George Gordon Byron, the 6th Baron Byron, known simply as Lord Byron, was an English poet and leader of the Romantic movement.

Byron is regarded as one of the greatest English poets; he was immensely popular during his time and remains widely read and influential today. Among his best-known works are the long narrative poems Don Juan and Childe Harold's Pilgrimage. His sonnet She Walks in Beauty is also quoted frequently to this day.

His love life scandalized society at the time. He had a very public affair with Lady Caroline Lamb. After he ended the relationship, she followed him and even tried sneaking into his house dressed as a page boy. In 1816, she went on to publish Glenarvon, a wildly popular roman a clef about Byron and society.

Eventually, Byron courted and married Caroline Lamb's cousin Anne Isabella Milbanke in 1815. They had one daughter, Augusta Ada (Ada Lovelace), in 1816. The marriage was not happy, and that same year Byron also signed a Deed of Separation.

A painting of Lord Byron looking to his side contemplating, with his hand on his chin.

After the dissolution of his marriage, Byron went to Europe, where we would spend the rest of his life. It was there that Byron befriended the poet Percy Bysshe Shelley and Shelley's future wife, Mary Godwin. He was also joined by Mary's stepsister, Claire Clairmont, with whom he had had an affair in London. It was when they were all together that Mary Shelley wrote Frankenstein, or The Modern Prometheus (1818).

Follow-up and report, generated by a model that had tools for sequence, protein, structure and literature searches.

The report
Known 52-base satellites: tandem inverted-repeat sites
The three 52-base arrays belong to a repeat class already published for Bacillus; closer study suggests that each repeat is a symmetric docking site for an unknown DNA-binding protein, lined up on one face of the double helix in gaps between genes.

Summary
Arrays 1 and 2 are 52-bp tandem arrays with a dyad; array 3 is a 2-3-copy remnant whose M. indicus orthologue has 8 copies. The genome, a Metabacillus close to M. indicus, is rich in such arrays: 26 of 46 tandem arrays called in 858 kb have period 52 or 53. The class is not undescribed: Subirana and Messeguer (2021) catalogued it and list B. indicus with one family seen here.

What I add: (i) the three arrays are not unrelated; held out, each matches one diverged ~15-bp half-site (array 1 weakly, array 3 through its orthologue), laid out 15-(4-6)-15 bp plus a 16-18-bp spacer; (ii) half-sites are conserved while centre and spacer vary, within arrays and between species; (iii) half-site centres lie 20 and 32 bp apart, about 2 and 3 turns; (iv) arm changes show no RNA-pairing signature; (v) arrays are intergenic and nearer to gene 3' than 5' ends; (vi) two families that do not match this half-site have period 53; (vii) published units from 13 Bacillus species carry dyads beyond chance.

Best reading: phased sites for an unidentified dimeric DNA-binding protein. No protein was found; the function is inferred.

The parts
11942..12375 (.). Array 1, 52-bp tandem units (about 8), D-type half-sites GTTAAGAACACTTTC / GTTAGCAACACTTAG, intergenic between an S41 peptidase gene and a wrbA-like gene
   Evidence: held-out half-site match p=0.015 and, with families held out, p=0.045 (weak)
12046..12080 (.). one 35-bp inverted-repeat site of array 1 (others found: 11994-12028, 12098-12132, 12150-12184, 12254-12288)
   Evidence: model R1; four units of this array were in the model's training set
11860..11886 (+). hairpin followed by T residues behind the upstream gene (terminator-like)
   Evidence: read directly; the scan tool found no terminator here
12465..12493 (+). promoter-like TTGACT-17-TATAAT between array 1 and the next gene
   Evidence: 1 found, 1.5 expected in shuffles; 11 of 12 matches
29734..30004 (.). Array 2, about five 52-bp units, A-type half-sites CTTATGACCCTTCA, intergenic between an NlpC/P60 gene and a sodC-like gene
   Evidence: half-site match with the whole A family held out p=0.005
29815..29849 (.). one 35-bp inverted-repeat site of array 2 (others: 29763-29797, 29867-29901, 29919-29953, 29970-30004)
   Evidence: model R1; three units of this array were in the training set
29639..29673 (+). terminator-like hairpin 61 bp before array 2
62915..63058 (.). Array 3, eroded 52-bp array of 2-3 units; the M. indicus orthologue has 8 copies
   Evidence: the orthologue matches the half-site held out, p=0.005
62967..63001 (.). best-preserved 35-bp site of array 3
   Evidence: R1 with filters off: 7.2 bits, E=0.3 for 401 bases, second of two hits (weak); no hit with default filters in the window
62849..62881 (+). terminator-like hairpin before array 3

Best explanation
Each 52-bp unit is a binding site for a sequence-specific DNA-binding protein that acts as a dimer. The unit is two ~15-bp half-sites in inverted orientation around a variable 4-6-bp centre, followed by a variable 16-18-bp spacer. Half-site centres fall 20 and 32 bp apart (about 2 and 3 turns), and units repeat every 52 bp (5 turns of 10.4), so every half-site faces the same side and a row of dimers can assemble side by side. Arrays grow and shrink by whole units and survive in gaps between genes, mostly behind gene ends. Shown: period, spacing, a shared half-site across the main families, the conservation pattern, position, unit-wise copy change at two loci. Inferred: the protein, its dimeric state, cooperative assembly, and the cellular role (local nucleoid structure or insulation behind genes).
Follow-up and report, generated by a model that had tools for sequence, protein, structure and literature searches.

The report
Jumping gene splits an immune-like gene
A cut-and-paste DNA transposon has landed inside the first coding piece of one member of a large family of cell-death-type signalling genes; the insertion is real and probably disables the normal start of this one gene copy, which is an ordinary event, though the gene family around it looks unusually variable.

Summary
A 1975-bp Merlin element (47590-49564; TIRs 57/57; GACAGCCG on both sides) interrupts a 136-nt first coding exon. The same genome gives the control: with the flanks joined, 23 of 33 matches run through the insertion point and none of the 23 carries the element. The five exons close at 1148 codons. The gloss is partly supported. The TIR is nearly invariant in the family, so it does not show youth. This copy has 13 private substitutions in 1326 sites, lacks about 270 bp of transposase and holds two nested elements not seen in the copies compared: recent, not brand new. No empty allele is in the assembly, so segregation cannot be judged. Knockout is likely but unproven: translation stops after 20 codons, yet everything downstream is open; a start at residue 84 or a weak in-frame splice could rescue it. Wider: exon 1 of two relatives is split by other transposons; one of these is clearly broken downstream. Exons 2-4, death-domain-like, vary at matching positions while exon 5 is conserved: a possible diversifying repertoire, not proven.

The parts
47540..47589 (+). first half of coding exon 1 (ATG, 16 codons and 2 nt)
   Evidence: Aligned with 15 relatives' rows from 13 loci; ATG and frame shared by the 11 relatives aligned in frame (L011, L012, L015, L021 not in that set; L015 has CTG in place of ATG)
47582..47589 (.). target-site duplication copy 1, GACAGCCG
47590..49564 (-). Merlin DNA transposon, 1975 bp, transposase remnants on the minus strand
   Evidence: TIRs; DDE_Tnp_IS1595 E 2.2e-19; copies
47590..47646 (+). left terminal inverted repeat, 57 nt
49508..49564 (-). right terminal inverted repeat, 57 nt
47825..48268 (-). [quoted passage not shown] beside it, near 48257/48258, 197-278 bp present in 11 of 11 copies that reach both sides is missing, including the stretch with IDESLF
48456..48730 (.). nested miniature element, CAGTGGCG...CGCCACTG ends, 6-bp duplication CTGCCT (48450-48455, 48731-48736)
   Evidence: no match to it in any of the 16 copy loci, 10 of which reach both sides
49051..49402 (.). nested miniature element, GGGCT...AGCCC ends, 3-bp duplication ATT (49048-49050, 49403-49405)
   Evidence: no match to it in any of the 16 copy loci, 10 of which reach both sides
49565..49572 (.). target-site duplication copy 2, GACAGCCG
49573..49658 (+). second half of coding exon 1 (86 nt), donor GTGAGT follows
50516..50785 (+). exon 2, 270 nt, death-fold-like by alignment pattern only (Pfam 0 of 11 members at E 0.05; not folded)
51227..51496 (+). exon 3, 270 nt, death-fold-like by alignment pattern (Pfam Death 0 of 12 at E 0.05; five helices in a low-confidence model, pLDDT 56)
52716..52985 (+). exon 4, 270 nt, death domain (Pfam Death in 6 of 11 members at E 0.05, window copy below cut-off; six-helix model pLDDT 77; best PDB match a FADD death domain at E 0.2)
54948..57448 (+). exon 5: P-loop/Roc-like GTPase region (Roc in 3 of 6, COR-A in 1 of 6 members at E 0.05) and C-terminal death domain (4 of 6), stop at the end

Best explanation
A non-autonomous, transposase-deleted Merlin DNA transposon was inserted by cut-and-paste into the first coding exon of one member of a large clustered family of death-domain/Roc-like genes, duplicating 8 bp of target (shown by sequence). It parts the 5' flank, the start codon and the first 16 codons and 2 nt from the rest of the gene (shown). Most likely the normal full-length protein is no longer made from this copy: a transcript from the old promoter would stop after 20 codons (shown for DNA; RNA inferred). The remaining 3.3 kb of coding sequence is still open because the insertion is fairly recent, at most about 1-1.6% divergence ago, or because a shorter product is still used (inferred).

Byron is considered to be the first modern-style celebrity. His image as the personification of the Byronic hero fascinated the public, and his wife Annabella coined the term "Byromania" to refer to the commotion surrounding him.[1] His self-awareness and personal promotion are seen as a beginning to what would become the modern rock star.

Biographies were distorted by the burning of Byron's memoir in the offices of his publisher, John Murray, a month after his death and the suppression of details of Byron's bisexuality by subsequent heads of the firm (which held the richest Byron archive).

It took years for biographers to dig deeper into Byron's biography and find abundant evidence of his relationships with men and women. Many of his biographers struggled to find a way to describe his sexuality, saying things like,

Byron's sexual orientation has long been a difficult, not to say contentious, topic, and anyone who seeks to discuss it must to some degree speculate, since the evidence is nebulous, contradictory and scanty ... it is not so simple to define Byron as homosexual or heterosexual: he seems rather to have been both, and either.[2]

Happily, we have a much easier way of saying this. Lord Byron was bi.